Posts Tagged ‘Spain’

German economy fuelled by nearly one million immigrants in 2012

May 9, 2013

Figures reported in the German newspaper Die Zeit give an interesting insight into immigration in Europe’s most powerful economy. Massive immigration is compensating the demographic effects of a falling birth rate. Key points:

965,908 foreigners immigrated into Germany in 2012, mostly from Poland, Romania, Bulgaria and also southern European countries such as Italy, Spain, Portugal and Greece, which have been hard hit by their local banking crises. That’s the equivalent of the population of Cologne.

However 578,759 foreigners also left Germany, leaving net immigration of 387,149.

Turks used to flood into Germany, but last year more Turks left Germany than entered, since the thriving Turkish economy offers opportunities at home. Immigration from Islamic countries has become insignificant.

Among German nationals, more left the country than returned.

Because of the declining birth rate, Germany needs net immigration of between 250,000 and 400,000 yearly in order to prevent the population from declining, which would depress economic growth and lead to an ageing population. 200,000 more people die in Germany than are born.

The moral, say Die Zeit, is that this huge immigration is beneficial despite resulting social strains, and Germany should do more to make immigrants welcome.

Meanwhile, in Britain, new legislation is under preparation to make it harder for foreigners to immigrate. We shall see which policy is right …

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Northern Europe may be dull, but it’s economically competitive – survey

September 6, 2012

Northern Europe may not fire the imagination, but five countries in that region are in the top 10 worldwide measured by economic competitiveness, according to the World Economic Forum (WEF). They are Finland, Sweden, the Netherlands, Germany and the UK.

Southern European countries, struggling to cope in the eurozone, languish far back (Spain 36th), but are stabilising their positions due to austerity measures, says the WEF’s latest survey.

In Asia, Singapore, Hong Kong, Japan and Taiwan are the top 20. China may be a powerhouse but competitively it is back in 29th place.

Top of the class, for the 4th consecutive year is Switzerland. This is what the WEF likes there:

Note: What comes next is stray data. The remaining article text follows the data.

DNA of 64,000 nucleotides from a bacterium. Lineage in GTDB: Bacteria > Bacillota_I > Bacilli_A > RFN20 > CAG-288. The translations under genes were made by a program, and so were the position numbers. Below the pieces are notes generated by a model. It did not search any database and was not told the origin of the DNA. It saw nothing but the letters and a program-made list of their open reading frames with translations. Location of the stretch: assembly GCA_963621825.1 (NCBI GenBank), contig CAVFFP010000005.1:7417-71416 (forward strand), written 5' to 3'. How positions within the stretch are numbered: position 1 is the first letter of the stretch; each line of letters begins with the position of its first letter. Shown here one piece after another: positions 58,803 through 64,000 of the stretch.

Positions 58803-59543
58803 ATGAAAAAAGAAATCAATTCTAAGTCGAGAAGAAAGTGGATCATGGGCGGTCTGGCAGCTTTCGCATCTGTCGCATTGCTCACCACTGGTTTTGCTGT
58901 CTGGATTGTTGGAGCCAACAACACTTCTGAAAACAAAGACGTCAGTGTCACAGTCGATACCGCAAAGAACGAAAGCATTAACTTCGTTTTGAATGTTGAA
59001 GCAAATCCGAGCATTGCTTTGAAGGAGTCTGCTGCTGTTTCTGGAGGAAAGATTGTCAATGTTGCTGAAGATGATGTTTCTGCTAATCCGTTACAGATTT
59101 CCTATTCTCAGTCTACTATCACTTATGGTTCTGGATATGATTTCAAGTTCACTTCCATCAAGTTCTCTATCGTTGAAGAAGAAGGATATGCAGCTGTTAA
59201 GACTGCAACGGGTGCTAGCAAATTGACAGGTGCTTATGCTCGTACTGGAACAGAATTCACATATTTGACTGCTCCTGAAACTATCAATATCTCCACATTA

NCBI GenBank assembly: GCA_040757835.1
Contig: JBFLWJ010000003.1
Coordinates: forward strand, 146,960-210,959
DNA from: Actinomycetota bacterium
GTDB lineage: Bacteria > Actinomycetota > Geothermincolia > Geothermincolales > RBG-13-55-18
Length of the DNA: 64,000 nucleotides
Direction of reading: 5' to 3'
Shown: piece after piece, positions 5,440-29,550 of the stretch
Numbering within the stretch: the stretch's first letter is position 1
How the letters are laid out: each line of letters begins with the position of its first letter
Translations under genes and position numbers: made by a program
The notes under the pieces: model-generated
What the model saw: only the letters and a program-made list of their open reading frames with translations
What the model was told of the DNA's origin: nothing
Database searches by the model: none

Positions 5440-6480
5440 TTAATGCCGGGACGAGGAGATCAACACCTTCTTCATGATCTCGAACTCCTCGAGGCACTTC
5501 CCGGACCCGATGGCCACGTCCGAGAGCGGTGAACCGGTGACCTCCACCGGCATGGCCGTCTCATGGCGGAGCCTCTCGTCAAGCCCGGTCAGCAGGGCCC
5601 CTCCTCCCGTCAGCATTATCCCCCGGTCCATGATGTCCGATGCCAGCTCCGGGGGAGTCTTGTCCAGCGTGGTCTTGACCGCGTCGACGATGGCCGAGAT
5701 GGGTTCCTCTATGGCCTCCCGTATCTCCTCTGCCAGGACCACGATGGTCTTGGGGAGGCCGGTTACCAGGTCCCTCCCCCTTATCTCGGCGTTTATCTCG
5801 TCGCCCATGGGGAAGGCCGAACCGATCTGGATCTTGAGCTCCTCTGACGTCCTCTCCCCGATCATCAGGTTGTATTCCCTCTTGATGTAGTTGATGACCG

– flexible labour market
– R & D
– protection of intellectual property
– education and training
– transparent public institutions
– rule of law
– economic stability

Credit Suisse has just forecast that after growth of 0.5% this year, Switzerland’s economy will grow strongly again next year.

The moral? Perhaps it’s that you get on well if you are solid and hard-working, but not necessarily hugely inspiring.

Scorched earth in Madrid – and worse to come

June 16, 2012

The crisis has knocked the stuffing out of Madrid, not so long ago one of Europe’s most vibrant capitals. This is what I noticed on my visit this week:

– At a time of rapidly rising unemployment, metro fares have gone up substantially.

– Subsidies for the arts have dried up almost completely. At the Casa Encendida cultural centre, an annual festival held for 10 years has just taken place for the last time.

– The bottom has fallen out of Spain’s thriving cinema market: this spring only two films were being made at the main Alicante film studios, compared with a dozen a year ago.

– Artists who had flocked to Madrid from all over Latin America are returning home. Other immigrants are doing likewise.

– At the airport’s spanking new Terminal 4, passengers are few and far between in its vast empty spaces.

– Banks which the European Union is helping to write down their dud property loans are shrinking the balance sheets. So mortgages are suddenly scarce.

– Over-heated Madrid property prices remain unrealistically high. Few sales take place, and when they do, it is an average of 23% below asking prices. Further falls seem inevitable.

– Restaurants are expensive and losing guests. Young people meet at each other’s homes instead of at tapas bars. With the euro, Spain could not devalue to remain competitive, so restaurants complacently allowed their value for money to erode. Few seem to realise the threat to their survival.

Instead of an excited buzz, Madrid is characterised by worried looks, penny-pinching, abandonment of projects, lowered expectations and packed up bags. Where once it was fun, now it is serious.

Madrid has gone quiet. That’s how bad it is – and it could well get worse.


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